William Ernest Henley

(1849 - 1902 / Gloucester / England)

Interlude - Poem by William Ernest Henley

O, the fun, the fun and frolic
That The Wind that Shakes the Barley
Scatters through a penny-whistle
Tickled with artistic fingers!

Kate the scrubber (forty summers,
Stout but sportive) treads a measure,
Grinning, in herself a ballet,
Fixed as fate upon her audience.

Stumps are shaking, crutch-supported;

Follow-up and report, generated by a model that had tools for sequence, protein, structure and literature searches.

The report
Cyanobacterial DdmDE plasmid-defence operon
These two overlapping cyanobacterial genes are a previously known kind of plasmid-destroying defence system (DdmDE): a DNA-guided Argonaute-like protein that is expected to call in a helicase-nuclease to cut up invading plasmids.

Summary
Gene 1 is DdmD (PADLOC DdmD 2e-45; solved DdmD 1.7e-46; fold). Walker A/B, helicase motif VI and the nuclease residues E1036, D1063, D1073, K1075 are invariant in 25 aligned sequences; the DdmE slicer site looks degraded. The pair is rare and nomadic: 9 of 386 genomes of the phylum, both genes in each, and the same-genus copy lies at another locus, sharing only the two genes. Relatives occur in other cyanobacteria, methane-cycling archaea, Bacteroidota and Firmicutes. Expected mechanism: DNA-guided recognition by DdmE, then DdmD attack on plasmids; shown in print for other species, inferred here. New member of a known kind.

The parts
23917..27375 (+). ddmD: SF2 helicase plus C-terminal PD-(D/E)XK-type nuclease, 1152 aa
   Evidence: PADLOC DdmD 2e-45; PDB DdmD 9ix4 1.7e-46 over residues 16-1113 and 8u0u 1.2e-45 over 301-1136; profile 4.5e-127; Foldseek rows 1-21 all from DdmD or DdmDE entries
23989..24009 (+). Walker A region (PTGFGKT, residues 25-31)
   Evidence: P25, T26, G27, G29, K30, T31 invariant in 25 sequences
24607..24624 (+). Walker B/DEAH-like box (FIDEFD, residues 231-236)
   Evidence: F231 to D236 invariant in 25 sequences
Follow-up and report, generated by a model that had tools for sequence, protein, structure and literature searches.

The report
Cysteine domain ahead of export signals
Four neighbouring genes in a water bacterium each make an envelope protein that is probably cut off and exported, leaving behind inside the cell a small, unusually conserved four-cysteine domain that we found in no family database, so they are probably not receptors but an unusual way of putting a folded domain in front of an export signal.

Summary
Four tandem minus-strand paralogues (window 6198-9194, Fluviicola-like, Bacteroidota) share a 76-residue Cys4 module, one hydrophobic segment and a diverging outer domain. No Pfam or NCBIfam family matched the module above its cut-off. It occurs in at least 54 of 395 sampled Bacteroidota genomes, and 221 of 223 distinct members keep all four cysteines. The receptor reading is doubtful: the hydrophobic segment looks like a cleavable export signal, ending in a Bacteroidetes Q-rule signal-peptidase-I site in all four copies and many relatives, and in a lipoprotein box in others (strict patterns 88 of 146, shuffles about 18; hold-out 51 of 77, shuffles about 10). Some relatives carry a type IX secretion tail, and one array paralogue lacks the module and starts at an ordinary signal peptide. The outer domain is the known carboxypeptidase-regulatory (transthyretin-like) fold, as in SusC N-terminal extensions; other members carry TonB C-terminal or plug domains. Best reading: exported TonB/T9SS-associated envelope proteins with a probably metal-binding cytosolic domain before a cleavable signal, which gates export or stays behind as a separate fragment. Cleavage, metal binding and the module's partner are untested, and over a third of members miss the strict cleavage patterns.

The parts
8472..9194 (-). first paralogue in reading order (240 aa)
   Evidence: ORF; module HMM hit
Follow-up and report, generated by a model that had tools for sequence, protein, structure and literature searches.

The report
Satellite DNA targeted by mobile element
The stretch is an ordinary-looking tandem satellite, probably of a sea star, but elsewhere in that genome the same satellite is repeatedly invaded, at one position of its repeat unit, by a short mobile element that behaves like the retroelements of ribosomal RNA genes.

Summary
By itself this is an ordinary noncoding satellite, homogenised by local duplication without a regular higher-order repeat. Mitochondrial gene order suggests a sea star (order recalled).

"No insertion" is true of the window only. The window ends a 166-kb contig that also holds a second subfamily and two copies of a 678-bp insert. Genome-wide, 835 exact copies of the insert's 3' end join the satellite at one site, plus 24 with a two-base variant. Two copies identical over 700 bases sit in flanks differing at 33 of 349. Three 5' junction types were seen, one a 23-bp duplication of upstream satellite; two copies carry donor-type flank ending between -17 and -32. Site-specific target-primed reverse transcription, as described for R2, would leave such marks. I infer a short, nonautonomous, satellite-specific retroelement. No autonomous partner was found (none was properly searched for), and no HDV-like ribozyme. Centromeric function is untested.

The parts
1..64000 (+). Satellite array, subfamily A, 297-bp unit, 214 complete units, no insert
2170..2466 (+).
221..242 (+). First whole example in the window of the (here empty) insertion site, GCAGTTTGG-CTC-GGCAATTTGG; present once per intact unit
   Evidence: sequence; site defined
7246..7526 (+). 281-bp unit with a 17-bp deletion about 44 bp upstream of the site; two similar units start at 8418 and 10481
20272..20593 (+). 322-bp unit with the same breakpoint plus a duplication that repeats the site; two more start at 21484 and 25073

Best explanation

Splinted fingers tap the rhythm;
And a head all helmed with plasters
Wags a measured approbation.

Of their mattress-life oblivious,
All the patients, brisk and cheerful,
Are encouraging the dancer,
And applauding the musician.

Dim the gas-lights in the output
Of so many ardent smokers,
Full of shadow lurch the corners,
And the doctor peeps and passes.

There are, maybe, some suspicions
Of an alcoholic presence . . .
'Tak' a sup of this, my wumman!' . . .
New Year comes but once a twelvemonth.

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Poem Submitted: Monday, April 12, 2010

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